Vitrolife MEA Laboratory Manager, Brett Glazar, talks about how to improve the embryo culture system by avoiding reprotoxicity.
Many factors affect clinical success
Stimulation regimes, transfer techniques and the culture environment with temperature, pH and oxygen tension are all factors that have a direct effect on embryo development in culture. All variables need to be taken into account in order to optimize pregnancy rates.
Stress reduces viability
Embryos are put to stress just by being in an in-vitro system. This stress is cumulative and can have negative effects on embryo viability.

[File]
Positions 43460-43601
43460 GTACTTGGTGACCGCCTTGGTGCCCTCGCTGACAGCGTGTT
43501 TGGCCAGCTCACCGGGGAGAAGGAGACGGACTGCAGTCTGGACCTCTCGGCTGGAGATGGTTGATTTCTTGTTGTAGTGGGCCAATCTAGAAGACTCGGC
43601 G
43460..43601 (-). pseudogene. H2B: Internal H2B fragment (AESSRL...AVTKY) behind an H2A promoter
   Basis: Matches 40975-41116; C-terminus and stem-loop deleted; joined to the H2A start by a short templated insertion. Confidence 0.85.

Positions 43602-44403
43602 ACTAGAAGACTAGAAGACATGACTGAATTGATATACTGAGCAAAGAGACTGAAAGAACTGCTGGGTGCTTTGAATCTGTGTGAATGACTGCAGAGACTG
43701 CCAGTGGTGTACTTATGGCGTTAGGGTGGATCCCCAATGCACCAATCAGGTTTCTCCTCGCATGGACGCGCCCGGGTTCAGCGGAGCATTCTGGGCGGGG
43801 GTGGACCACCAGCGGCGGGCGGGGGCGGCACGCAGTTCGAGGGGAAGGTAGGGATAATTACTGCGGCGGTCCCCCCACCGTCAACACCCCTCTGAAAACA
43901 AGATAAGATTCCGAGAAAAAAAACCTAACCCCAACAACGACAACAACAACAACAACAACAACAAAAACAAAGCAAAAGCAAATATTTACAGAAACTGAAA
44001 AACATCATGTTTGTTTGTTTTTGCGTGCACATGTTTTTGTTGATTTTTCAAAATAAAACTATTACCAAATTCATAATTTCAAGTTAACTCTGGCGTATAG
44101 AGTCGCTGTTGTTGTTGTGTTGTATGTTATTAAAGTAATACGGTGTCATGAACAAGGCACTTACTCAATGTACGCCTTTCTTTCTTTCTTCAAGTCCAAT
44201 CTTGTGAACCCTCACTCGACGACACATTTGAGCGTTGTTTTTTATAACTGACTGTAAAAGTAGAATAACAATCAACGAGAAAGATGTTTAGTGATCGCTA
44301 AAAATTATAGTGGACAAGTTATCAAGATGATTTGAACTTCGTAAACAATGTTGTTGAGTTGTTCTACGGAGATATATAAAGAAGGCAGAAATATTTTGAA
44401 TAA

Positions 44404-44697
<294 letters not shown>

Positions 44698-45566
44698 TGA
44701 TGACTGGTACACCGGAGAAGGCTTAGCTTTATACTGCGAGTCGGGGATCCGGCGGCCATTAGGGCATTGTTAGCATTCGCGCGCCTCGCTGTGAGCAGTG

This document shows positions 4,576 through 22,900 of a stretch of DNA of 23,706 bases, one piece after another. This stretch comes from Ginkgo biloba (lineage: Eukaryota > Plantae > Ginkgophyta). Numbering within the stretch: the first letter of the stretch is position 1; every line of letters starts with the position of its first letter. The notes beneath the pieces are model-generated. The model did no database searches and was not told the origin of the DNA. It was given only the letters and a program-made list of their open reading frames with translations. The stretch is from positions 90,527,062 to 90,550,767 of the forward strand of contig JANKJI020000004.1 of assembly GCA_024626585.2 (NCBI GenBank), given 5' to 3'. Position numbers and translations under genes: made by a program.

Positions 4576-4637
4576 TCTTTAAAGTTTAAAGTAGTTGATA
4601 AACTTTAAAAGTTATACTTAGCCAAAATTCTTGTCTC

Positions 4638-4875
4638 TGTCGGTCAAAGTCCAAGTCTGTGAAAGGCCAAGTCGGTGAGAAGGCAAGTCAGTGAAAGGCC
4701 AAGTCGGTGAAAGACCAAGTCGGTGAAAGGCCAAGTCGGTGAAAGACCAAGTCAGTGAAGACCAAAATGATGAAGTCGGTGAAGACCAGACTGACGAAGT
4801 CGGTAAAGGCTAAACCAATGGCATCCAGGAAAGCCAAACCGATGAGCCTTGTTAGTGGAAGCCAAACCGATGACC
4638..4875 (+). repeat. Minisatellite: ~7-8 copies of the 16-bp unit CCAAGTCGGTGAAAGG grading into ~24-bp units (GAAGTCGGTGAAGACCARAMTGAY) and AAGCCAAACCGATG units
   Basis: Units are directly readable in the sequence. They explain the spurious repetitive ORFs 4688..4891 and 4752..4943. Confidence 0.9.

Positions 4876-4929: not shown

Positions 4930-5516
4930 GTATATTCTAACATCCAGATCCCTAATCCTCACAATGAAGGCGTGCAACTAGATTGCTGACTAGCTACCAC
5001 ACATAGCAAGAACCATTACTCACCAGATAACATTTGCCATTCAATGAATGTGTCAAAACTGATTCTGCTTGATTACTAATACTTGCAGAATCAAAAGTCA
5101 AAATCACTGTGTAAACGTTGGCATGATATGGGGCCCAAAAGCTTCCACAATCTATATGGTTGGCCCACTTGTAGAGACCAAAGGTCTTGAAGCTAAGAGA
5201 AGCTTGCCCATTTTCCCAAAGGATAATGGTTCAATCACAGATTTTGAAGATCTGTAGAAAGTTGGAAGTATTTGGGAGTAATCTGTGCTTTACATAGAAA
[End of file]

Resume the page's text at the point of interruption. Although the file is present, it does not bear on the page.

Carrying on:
The importance of quality tested disposables
Plastic disposables are used throughout the IVF process, but only a small percentage of them are suitably tested. When plastic disposables are insufficiently quality controlled, they can contain components that are toxic to gametes and embryos. This phenomenon can be referred to as reprotoxicity.
Reprotoxicity can be minimized
Reprotoxicity is defined as a negative influence on the physiology and viability of human gametes and embryos. Reprotoxicity can result in reduced gamete and embryo viability with a subsequent reduction in implantation rate or ongoing pregnancy rates. By exclusively using media and contact supplies that have been accurately tested, reprotoxizity can be minimized.
Vitrolife MEA can detect sup-optimal conditions
Vitrolife has developed the most sensitive MEA protocols. These assays are capable of detecting toxic and sub-optimal raw materials, media, and contact materials. The MEA from Vitrolife is sensitive enough to identify subtle problems that will also lead to impaired human embryo development.